Click here to learn more.
Vetstreet. All rights reserved.
Vetstreet does not provide medical advice, diagnosis, or treatment. See Additional Information ›
There is no exact translation in canine language for the kind of crying we humans do. Dogs don’t secrete hot, salty tears when they’re sad, nor do they wail or sob like people. Which is why interpreting a dog’s cry can be tough. When we’re talking about a whimper or whine, the canine “cry” can mean one of a million things.
As with barking, dogs who whimper or whine are trying to communicate. Excitement, anxiety, frustration, pain, attention seeking, and resource solicitation are all common reasons dogs whine at their people.
Most commonly, these sounds are aimed at conveying the desire for food, water, a potty break, a toy, attention, etc. This is similar to how puppies interact with their mothers, by “asking” for something with a plaintive whimper or whine. So it’s no wonder adult dogs recruit this same vocal impulse when communicating with their people.
To be sure, whimpering and whining is instinctual. But it’s also learned. After all, it doesn’t take long for
dogs to understand there’s a direct connection between letting out a little whine and getting what they want. And that’s how canine “crying” can turn into a problem behavior. Just as barky
dogs can drive their owners crazy should they do so constantly in search of attention or anything else they might want, whiny dogs can stress out a household with their piteous keening.
So too can older dogs who display crying behavior as part of their age-related cognitive decline. Dementia, disorientation, and the anxiety they occasion can lead to whimpering and whining and even howling — especially at night.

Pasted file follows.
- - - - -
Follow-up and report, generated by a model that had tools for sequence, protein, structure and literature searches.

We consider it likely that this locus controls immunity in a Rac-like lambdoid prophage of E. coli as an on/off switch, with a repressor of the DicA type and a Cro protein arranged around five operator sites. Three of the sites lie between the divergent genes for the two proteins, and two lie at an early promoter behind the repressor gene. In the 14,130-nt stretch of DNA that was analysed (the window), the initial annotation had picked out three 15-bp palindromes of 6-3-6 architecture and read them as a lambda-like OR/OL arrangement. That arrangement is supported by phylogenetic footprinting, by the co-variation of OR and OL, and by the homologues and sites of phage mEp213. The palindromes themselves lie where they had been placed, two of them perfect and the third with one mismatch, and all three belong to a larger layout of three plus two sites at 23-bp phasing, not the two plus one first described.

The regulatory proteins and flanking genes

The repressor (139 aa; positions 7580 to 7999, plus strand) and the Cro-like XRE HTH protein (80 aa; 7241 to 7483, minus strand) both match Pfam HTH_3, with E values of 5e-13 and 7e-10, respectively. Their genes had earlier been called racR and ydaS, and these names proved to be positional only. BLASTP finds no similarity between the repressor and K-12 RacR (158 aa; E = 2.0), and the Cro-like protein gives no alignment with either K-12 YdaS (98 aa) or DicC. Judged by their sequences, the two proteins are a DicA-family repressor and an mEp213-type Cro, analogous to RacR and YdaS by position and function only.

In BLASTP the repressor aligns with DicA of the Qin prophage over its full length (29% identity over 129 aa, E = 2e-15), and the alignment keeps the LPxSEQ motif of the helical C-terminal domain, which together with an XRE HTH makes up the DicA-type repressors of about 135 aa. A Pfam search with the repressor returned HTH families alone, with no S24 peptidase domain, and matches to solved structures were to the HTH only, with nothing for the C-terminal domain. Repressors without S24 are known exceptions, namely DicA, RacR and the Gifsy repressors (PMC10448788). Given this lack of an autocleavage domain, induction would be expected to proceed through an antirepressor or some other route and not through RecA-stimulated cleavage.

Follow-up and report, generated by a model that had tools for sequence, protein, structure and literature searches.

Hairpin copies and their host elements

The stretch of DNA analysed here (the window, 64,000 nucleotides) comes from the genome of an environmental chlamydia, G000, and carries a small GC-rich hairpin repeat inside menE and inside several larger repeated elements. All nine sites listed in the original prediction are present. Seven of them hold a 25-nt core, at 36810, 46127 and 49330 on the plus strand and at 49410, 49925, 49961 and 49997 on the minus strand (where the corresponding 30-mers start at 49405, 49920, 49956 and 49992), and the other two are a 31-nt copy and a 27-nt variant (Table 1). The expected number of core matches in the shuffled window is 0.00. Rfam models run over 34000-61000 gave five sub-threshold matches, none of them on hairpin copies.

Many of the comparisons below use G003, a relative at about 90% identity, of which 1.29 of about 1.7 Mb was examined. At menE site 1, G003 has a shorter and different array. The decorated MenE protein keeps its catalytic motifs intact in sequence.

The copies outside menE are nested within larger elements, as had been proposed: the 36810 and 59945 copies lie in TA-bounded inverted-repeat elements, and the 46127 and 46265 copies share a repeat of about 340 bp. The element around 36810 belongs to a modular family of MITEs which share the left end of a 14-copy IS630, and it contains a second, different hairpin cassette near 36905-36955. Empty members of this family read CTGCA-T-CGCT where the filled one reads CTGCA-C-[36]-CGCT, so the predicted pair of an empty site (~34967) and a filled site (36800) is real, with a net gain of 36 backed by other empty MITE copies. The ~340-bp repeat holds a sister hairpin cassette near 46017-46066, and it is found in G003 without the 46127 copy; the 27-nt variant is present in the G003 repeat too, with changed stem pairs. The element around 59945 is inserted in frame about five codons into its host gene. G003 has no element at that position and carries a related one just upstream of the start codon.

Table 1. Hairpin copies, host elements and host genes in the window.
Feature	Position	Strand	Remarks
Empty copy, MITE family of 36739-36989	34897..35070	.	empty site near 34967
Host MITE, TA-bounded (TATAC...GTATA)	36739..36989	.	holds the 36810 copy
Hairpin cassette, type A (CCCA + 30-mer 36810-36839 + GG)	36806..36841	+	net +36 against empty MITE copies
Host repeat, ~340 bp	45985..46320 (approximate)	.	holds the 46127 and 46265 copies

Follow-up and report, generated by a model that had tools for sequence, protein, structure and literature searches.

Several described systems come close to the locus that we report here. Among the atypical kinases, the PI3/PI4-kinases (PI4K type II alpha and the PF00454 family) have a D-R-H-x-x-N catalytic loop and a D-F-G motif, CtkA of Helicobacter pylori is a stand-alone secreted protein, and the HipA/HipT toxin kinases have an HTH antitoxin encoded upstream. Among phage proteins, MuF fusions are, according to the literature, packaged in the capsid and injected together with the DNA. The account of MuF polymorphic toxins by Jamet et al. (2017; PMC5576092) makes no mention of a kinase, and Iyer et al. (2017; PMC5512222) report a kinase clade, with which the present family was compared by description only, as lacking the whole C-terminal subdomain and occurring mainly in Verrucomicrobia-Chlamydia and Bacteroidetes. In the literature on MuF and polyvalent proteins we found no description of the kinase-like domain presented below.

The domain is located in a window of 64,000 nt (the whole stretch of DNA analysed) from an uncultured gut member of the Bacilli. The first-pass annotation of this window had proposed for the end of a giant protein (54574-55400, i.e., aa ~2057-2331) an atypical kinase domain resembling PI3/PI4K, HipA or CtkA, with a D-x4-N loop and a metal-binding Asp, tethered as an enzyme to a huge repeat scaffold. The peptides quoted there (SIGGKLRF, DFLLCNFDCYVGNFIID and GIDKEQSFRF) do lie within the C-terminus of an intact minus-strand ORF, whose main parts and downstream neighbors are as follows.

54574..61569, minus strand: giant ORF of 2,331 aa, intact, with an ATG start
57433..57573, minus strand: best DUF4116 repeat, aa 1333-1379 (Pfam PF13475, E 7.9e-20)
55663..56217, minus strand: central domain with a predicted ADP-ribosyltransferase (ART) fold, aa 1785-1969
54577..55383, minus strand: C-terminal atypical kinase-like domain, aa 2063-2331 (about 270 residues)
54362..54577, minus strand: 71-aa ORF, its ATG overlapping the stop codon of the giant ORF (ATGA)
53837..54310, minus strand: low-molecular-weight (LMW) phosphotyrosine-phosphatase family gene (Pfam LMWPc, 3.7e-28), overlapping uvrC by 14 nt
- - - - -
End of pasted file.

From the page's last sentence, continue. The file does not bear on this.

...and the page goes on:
Separation anxiety is another serious condition that can lead to chronic crying. These dogs will sometimes spend their entire days barking and/or whining.
Luckily, there is help. FIrst, consult with your veterinarian to help rule out medical problems (like pain or cognitive decline). If the problem is likely behavioral, a well-recommended certified trainer or veterinary behaviorist is an ideal choice for those who seek to end excessive crying behavior. And, as always, your veterinarian should be apprised of your dog’s behavioral issues.
One additional note bears mentioning: Most dogs tend not to whine when they’re suffering chronic pain. So though a dog may cry out when stepped on by accident or whimper after surgery, dogs who suffer from constant pain (as with dental pain or the orthopedic pain of osteoarthritis) rarely display their discomfort vocally. Though counterintuitive to humans, it’s an important point for all dog owners to keep in mind.
Like this article? Have a point of view to share? Let us know!
Take our breed quiz to find your next pet.
Get all the best pet news and information sent right to your inbox!
Thank you for subscribing!
Smelly is finally back with his family after
a Good Samaritan found him on the
street and brought him to a vet.
A little miffed that your canine won't be
your bedmate? Dr. Marty Becker shares
reasons some pups prefer to doze…
From getting out the laser pointer to
playing hide-and-seek, there are plenty of
ways to keep your indoor cat…
It's back-to-school time, but is it a good
idea to take your dog when you pick up
the kids after class? We asked an…
In his home country of Thailand, the intelligent and attention-loving Korat is a living symbol of luck and prosperity.
Parasites are no fun for dogs. Learn how
to protect your canine from heartworms,
hookworms, whipworms and more.
Check out our collection of more than 250 videos about pet training, animal behavior, dog and cat breeds and more.
Wonder which dog or cat best fits your lifestyle? Our new tool will narrow down more than 300 breeds for you.
If the video doesn't start playing momentarily,
please install the latest version of Flash.
Thank you for subscribing.